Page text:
Areas outside the city limits were growing, but had little political might to do anything about the problems that came with that growth — open drainage ditches and numerous septic systems among them.

Earlier annexation efforts were put forward in 1963 and 1964, but they went nowhere.

Then all Duval County public schools lost accreditation, a humiliating setback that had the effect of “shocking the community into a confrontation with its problems,” Martin said.

In response, Duval’s state legislators created a consolidation commission, and 18 months later a plan was put forward: Get rid of all the existing, overlapping governments across the county and make it one, with 19 city council members and a system that would allow a strong mayor.

Citizens were told it could more than double the population of new city of Jacksonville to more than 445,000, making it the biggest city in Florida. That’s something to brag about, supporters said.

There were sticking points, to be sure, among them the idea of abolishing the three beach cities and Baldwin. After some fuss, that was changed to allow them to vote for consolidation, while keeping their local governments. Having their cake and eating it too, one journalist said.

Then came election Tuesday.

Election officials predicted that, with an election this significant, surely at least 100,000 or more voters would show up.

That didn’t happen: Just 83,000, or 46 percent of voters, went to the polls.

But those who did were not confused by the deadly octopus of uncertainty or warnings of communistic plots.

The margin of victory — nearly 2-to-1 — was much wider than even the plan’s biggest boosters could have hoped for, stories said.

Once absentee votes came in, the official tally was 54,493 for and 29,768 against consolidation. The white hats had won. “A clear mandate,” Martin proclaimed.

Black voters in and out of the city voted yes by a comfortable margin, while upper-income districts approved it overwhelmingly. Jacksonville Beach and Atlantic Beach voted yes. Neptune Beach voted narrowly against it and Baldwin gave it a big thumbs down.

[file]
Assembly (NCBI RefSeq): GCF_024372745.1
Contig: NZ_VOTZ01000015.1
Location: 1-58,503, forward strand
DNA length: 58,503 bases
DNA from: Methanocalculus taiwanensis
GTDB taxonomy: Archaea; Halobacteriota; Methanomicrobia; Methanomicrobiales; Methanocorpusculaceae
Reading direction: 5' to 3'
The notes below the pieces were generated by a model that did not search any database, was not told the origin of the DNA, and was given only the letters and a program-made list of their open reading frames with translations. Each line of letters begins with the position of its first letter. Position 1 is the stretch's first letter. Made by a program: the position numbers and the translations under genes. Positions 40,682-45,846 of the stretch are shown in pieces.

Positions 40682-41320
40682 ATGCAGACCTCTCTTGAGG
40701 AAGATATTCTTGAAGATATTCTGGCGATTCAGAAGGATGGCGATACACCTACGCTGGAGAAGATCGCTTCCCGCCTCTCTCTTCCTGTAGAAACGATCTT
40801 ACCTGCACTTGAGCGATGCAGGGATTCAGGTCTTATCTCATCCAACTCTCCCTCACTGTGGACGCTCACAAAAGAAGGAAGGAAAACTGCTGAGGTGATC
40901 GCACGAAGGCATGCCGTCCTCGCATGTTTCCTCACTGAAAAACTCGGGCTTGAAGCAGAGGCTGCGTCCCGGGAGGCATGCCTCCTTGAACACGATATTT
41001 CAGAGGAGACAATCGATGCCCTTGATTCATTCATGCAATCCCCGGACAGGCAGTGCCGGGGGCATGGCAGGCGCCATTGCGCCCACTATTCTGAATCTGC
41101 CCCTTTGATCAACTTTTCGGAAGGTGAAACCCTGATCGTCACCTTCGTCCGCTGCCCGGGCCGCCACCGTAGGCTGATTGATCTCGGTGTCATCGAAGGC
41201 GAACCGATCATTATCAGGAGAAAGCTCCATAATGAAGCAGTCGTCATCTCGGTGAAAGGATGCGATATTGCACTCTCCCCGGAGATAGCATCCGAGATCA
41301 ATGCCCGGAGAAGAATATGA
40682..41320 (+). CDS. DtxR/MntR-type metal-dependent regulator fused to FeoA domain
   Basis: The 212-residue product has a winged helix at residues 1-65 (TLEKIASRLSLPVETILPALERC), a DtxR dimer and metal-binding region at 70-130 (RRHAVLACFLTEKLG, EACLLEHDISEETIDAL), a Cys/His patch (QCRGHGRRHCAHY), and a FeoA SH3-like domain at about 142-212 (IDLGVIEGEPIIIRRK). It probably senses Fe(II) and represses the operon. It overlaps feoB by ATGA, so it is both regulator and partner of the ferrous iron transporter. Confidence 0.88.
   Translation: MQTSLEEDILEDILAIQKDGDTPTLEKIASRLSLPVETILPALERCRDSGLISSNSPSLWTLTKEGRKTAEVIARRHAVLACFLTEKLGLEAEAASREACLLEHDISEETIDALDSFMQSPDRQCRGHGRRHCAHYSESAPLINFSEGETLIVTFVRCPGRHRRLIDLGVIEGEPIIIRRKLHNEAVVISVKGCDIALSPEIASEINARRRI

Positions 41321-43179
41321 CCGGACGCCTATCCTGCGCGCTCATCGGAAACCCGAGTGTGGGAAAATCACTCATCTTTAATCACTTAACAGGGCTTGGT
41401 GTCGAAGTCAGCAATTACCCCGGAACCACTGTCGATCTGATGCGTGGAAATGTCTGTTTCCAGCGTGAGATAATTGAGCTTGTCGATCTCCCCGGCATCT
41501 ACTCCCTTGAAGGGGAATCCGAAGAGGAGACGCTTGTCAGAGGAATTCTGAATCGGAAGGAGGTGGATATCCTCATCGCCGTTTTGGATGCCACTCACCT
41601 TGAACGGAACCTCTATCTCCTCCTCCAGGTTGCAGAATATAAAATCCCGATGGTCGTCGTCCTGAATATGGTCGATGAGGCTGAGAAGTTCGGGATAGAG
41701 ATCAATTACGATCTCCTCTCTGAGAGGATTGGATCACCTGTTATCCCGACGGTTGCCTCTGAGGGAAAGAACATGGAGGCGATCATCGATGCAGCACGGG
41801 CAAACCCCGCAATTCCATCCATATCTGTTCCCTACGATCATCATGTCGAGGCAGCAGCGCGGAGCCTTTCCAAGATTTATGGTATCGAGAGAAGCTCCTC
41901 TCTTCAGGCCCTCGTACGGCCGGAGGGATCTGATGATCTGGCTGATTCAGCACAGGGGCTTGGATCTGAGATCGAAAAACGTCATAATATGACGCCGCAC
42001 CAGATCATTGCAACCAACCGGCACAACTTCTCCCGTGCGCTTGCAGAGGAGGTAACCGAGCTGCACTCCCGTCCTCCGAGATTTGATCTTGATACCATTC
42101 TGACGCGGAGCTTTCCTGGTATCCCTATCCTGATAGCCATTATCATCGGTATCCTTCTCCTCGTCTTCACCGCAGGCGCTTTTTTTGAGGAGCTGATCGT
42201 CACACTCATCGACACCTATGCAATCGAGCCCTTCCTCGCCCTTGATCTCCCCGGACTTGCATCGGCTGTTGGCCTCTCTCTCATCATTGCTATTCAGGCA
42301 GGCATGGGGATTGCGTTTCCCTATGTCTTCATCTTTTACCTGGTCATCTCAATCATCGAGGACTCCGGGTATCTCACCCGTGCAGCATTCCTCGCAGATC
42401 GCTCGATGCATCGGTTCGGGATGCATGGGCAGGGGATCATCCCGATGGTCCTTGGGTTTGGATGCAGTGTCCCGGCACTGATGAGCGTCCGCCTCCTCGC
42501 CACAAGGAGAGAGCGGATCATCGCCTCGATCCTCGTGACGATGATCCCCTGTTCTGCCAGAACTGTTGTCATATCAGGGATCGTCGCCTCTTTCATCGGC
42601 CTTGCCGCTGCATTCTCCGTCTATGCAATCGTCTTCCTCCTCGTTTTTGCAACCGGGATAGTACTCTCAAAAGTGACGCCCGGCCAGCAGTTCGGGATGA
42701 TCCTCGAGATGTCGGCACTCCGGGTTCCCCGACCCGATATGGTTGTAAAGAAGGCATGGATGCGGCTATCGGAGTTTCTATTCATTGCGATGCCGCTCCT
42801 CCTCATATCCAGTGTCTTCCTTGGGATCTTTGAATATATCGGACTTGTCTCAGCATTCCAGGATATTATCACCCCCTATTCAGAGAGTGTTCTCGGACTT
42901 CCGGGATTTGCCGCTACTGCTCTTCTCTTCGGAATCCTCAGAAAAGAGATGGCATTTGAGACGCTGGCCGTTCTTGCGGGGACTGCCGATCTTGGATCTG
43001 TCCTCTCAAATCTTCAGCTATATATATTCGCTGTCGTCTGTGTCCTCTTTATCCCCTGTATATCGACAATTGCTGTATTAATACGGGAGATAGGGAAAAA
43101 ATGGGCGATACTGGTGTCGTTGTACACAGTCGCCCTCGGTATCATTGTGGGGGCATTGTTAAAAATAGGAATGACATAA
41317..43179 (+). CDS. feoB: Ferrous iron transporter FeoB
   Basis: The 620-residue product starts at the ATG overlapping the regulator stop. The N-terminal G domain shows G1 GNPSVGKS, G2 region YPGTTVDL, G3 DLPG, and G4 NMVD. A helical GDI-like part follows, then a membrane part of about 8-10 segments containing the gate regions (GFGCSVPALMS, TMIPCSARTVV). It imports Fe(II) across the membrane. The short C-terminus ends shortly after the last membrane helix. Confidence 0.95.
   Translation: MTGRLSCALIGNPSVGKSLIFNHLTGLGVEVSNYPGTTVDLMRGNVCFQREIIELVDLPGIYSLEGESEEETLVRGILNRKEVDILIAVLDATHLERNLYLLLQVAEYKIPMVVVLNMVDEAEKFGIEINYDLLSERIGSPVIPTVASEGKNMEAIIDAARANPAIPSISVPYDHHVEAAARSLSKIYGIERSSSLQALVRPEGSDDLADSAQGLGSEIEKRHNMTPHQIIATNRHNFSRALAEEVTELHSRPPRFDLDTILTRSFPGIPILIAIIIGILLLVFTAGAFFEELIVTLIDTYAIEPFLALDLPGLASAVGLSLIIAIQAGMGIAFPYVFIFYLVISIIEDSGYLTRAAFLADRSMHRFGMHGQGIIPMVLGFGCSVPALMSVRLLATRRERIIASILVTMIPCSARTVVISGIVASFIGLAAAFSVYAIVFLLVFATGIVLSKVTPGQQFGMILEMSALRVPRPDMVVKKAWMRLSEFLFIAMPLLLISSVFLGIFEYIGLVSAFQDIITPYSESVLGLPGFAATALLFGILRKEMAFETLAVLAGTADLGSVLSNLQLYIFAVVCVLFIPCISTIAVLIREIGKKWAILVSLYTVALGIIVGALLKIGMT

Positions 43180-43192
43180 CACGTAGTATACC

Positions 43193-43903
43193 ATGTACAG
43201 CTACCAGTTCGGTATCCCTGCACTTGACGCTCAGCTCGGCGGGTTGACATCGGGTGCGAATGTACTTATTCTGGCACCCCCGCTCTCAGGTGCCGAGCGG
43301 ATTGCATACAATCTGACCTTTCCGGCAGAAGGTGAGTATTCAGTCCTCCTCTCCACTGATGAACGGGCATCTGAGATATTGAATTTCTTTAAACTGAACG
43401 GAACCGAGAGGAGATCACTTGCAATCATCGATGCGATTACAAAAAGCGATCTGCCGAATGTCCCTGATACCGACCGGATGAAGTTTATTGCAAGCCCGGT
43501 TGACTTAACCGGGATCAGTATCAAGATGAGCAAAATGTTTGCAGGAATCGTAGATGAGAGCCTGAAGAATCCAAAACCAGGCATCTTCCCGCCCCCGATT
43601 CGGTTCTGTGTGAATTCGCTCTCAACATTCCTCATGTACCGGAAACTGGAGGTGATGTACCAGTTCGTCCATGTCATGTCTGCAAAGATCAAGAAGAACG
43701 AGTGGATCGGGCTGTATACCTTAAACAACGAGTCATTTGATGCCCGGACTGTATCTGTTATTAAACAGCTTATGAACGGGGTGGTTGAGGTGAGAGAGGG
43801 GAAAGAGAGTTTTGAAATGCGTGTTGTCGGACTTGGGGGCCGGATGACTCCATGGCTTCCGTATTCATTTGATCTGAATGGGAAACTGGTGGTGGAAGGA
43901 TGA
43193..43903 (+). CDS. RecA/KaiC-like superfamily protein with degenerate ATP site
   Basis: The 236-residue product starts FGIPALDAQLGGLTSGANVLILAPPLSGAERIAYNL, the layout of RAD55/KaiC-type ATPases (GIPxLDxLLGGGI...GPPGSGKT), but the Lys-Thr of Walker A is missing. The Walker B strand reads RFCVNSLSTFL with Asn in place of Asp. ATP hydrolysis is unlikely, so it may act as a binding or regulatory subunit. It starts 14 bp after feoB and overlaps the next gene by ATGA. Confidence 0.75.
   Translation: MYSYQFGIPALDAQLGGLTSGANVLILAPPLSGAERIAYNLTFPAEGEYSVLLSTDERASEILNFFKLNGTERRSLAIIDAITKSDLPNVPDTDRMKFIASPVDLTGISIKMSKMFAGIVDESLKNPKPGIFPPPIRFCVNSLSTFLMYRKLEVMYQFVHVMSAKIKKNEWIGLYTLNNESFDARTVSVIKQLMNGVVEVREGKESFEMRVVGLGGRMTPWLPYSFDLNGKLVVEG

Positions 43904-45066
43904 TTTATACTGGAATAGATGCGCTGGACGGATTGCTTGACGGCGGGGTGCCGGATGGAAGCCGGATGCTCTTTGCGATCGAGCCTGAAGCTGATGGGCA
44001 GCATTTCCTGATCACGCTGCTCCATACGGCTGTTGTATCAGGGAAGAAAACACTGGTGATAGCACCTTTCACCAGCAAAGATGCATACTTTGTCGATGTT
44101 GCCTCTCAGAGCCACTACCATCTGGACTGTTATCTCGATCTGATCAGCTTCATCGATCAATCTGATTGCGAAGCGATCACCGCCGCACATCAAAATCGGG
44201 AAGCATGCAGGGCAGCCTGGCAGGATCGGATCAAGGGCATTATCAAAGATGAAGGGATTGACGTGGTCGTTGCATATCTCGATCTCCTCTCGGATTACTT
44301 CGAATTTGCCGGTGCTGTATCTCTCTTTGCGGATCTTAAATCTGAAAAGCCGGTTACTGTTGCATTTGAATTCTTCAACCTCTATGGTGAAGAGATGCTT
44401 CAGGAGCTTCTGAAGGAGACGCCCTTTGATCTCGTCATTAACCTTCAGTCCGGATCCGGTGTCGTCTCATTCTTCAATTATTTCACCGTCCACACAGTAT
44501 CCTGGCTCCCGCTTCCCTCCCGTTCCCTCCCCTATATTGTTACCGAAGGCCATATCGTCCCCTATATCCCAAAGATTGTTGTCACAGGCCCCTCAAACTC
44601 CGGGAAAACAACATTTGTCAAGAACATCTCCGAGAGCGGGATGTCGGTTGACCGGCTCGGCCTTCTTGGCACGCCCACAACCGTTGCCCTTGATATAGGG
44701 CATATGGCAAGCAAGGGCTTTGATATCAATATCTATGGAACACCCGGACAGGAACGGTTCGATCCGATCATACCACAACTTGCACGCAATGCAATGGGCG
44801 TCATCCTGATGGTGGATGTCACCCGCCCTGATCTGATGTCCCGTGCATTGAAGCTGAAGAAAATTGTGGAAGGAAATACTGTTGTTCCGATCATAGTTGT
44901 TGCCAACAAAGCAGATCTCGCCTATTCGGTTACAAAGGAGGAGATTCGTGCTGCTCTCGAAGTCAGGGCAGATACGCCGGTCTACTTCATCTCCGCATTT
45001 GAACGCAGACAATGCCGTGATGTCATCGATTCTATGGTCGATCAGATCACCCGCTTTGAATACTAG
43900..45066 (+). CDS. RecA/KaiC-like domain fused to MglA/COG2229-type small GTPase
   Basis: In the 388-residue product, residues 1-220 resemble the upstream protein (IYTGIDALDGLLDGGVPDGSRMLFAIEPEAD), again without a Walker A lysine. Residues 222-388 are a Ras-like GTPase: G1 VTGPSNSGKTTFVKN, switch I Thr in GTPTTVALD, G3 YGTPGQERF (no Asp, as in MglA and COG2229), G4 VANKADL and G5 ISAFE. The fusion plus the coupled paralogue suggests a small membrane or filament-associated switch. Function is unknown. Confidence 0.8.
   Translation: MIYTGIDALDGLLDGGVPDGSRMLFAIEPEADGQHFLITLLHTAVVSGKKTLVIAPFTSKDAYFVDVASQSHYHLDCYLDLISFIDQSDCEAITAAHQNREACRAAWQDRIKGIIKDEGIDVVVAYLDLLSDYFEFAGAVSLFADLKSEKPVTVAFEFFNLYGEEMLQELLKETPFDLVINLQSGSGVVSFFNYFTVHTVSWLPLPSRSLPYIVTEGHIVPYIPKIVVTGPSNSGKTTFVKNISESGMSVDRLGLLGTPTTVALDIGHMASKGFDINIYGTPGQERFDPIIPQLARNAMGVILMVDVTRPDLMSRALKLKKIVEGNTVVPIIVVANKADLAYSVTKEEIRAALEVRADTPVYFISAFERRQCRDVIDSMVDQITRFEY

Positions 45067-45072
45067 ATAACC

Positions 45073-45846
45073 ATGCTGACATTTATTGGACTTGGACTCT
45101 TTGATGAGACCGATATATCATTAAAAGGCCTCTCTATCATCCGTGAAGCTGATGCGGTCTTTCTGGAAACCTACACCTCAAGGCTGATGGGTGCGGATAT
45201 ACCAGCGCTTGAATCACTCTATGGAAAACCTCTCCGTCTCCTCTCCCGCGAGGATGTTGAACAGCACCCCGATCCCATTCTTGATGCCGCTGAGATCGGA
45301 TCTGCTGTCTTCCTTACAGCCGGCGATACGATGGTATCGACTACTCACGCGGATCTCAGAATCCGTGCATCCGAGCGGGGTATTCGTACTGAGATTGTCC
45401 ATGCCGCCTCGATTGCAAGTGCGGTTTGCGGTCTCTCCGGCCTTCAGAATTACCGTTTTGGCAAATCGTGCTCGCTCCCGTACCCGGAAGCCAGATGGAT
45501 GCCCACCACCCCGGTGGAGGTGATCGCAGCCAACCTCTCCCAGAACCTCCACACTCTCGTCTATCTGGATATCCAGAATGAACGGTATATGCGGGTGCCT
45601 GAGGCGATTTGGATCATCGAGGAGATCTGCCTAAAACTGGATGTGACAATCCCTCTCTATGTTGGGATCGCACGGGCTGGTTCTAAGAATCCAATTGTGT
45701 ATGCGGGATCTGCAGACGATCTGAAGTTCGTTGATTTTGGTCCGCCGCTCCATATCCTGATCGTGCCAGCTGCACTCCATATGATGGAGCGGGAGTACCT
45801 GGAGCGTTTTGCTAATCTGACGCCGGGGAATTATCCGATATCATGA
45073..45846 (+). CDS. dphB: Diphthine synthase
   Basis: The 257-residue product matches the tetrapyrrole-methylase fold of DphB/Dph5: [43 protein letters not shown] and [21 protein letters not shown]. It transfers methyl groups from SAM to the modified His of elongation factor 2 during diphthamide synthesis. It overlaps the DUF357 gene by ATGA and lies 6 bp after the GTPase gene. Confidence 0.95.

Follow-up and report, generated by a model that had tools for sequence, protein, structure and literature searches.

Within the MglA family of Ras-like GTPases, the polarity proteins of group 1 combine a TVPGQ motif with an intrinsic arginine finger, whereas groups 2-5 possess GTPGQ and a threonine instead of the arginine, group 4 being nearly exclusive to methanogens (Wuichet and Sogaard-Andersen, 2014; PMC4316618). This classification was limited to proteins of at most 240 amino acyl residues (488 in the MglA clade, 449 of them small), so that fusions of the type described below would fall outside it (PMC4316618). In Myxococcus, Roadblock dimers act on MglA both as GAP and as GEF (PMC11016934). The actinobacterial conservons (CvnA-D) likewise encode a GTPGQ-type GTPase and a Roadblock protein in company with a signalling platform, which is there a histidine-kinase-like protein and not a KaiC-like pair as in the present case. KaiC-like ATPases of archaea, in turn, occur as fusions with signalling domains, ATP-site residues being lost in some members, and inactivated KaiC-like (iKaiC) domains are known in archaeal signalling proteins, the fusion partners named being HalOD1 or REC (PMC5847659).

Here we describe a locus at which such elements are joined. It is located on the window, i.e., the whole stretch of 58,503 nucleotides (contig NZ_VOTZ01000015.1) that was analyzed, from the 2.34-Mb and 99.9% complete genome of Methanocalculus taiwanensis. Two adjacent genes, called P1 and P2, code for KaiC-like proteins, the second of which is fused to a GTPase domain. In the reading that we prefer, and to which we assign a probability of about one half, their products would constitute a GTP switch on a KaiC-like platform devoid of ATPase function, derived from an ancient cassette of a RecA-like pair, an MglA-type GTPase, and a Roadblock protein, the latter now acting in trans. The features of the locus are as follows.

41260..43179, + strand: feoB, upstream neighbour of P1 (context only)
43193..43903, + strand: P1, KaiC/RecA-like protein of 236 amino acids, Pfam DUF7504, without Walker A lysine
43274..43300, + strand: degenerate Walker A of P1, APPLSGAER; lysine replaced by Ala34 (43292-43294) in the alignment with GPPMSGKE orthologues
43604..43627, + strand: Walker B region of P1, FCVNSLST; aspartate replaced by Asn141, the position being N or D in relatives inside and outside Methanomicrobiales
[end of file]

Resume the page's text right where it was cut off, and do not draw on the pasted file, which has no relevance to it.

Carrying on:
Rural areas — places such as Marietta, Whitehouse and Bayard — looked at consolidation with the most suspicion. Along with Baldwin, they went more than 2 to 1 against it.

The day after, the Journal’s lead editorial was clear: “The People Win,” it declared: “Floridians now know that the sleeping giant who sat at one of the most enviable spots in the state now means to shake off the slumber of years.”

A few weeks after the vote, Martin and the Times-Union’s Frank Young went to Nashville, Tenn., to see how its earlier city-county consolidation — which had often been held up as an example for Jacksonville — was faring.

Martin found a concrete example of hope for the new city of Jacksonville as he drove around what were once Nashville’s suburbs and saw “halos of twinkling lights” outlining the hills there.

“I was admiring this panorama one night,” he wrote, “when the thought struck me: ‘Those are street lights! Duval Countians will have them too, once consolidation is effected.’ ”

Later he noted the chagrin evident in Oklahoma City, which took great pride that it was, at more than 600 square miles, the largest American city in land area. That was, until “Miss Babs Fenwick of the Daily Oklahoman” newspaper called him to ask if it was true that Jacksonville would soon be even bigger.

Yup, he told her. There would be more than 800 square miles in that big new city.

The next day’s headline in the Oklahoman? In red print, it blared the shocking news: “We Might Not Be No. 1.”